ghosts ghost on stairs

I raised my hand.  I’ve always believed in ghosts–not the spooky, wailing, chain-rattling kind–but the spirits of those who have passed on.  Sid said he did not believe in ghosts.  Kate seconded him adamantly, but then she added that she does believe in spirits lingering here on earth.  Sid said he did as well.  I determined that they were both splitting hairs.  Ghosts or spirits, who cares?  Do you believe in such things or not?  Be brave; just say yes or no.  They both said that they believe in spirits.

So after we had settled on the fact that we were all on the same page about spirits, which I underline to accentuate that neither of them are silly enough to believe in ghosts, I asked Kate why she had presented the question to us.  She pushed the iPad toward me and said, “If you have close neighbors who also have baby monitors, you can sometimes tap into their frequency and hear what’s happening at their house instead of what’s happening at your own.”  She waved a hand.  “But you don’t have any close neighbors up here.”

That was an understatement.  We have no neighbors.  Well, maybe a half mile away, and I know for a fact that the two-way monitor gets out of range relatively close to our house.  Sid suggested that we were picking up radio waves.   Kate said that it might be possible, but after her quick foray on the Net, she’d seen far more references to baby monitors picking up on sounds that the human ear can’t detect.  Read that to mean the voices of spirits.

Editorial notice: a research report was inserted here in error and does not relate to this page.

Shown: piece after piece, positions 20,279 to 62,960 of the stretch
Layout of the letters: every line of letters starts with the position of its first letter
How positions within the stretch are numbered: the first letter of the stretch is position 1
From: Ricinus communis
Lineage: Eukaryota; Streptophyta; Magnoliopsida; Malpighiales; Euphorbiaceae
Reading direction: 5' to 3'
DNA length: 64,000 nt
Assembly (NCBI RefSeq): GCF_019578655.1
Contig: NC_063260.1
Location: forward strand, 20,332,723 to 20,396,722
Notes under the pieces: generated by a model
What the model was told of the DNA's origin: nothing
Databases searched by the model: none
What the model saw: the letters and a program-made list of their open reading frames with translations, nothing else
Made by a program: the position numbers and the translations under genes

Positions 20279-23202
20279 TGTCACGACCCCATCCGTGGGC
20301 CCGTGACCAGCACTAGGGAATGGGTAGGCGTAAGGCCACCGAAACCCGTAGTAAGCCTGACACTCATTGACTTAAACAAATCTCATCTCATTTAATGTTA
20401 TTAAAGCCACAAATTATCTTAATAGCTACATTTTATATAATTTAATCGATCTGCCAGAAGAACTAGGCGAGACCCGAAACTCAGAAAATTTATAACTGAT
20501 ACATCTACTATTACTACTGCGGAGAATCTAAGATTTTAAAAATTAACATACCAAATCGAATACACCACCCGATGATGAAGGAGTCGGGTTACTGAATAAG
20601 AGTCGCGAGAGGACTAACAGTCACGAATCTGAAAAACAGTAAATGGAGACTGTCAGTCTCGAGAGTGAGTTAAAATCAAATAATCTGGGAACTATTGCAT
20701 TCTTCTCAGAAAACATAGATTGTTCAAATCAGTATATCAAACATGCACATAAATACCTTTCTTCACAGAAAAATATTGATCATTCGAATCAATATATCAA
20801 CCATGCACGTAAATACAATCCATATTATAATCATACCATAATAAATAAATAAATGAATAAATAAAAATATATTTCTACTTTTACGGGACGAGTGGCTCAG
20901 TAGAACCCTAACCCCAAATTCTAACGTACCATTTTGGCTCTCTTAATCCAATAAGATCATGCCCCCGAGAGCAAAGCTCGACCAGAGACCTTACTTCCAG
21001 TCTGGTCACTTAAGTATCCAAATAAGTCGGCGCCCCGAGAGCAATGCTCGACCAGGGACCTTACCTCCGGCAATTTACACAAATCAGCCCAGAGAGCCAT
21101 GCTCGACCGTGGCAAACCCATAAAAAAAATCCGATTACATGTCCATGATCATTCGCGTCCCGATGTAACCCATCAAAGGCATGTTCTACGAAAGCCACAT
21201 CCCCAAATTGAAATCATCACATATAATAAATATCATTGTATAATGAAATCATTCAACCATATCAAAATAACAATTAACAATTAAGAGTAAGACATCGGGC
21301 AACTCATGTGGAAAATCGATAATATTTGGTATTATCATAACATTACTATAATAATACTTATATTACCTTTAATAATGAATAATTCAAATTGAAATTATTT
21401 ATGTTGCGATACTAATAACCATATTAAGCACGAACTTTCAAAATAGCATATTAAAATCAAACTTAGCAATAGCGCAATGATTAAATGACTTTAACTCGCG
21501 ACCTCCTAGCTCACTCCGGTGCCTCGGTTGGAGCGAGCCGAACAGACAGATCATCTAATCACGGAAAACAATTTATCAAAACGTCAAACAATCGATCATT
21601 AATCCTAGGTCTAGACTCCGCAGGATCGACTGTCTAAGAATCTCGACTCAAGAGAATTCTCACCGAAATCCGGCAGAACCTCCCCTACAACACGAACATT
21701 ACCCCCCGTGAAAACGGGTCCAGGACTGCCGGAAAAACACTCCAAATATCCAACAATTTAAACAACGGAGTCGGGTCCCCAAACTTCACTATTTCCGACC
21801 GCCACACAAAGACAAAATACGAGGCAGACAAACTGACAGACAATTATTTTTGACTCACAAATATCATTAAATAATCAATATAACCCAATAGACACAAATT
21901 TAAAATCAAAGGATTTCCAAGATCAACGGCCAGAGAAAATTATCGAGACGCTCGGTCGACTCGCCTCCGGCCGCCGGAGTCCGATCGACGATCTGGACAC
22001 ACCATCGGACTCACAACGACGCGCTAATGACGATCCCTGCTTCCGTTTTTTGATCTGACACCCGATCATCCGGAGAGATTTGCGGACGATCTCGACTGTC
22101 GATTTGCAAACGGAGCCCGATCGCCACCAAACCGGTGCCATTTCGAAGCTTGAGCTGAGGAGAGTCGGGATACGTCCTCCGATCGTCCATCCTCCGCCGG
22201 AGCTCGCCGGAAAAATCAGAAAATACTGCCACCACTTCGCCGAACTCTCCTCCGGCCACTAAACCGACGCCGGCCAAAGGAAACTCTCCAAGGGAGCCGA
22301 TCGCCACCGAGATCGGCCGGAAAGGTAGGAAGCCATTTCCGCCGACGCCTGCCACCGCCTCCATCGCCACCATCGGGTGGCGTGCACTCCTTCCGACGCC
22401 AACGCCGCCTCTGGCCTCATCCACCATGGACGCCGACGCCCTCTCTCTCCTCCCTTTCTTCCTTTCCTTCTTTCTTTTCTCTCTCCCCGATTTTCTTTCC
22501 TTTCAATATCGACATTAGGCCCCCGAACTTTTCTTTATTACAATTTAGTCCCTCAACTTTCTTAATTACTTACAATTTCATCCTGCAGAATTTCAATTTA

Kate noted all the paraphernalia that ghost chasers carry to haunted locales, and monitors are always included because they can detect sound frequencies that we can’t.  In other words, a monitor can make the voices of ghosts–I’m sorry–spirits–audible to us.

I sat down at the bar to read the article that she’d opened.  It started with all the technical stuff, saying in more precise and scientific ways what I just put in the above paragraph, that monitors are a medium through which ghosts can make themselves heard.  Then it went on to tell a pretty convincing story.

A young couple was expecting a baby, and like most parents, they got the nursery all ready prior to delivery date.  Inside the room, they installed a baby monitor.  In place of honor also sat a family heirloom from the woman’s side, a rocker that had belonged to one of her great-grandmothers.  I can’t remember how many greats preceded grandmother.

rocking chair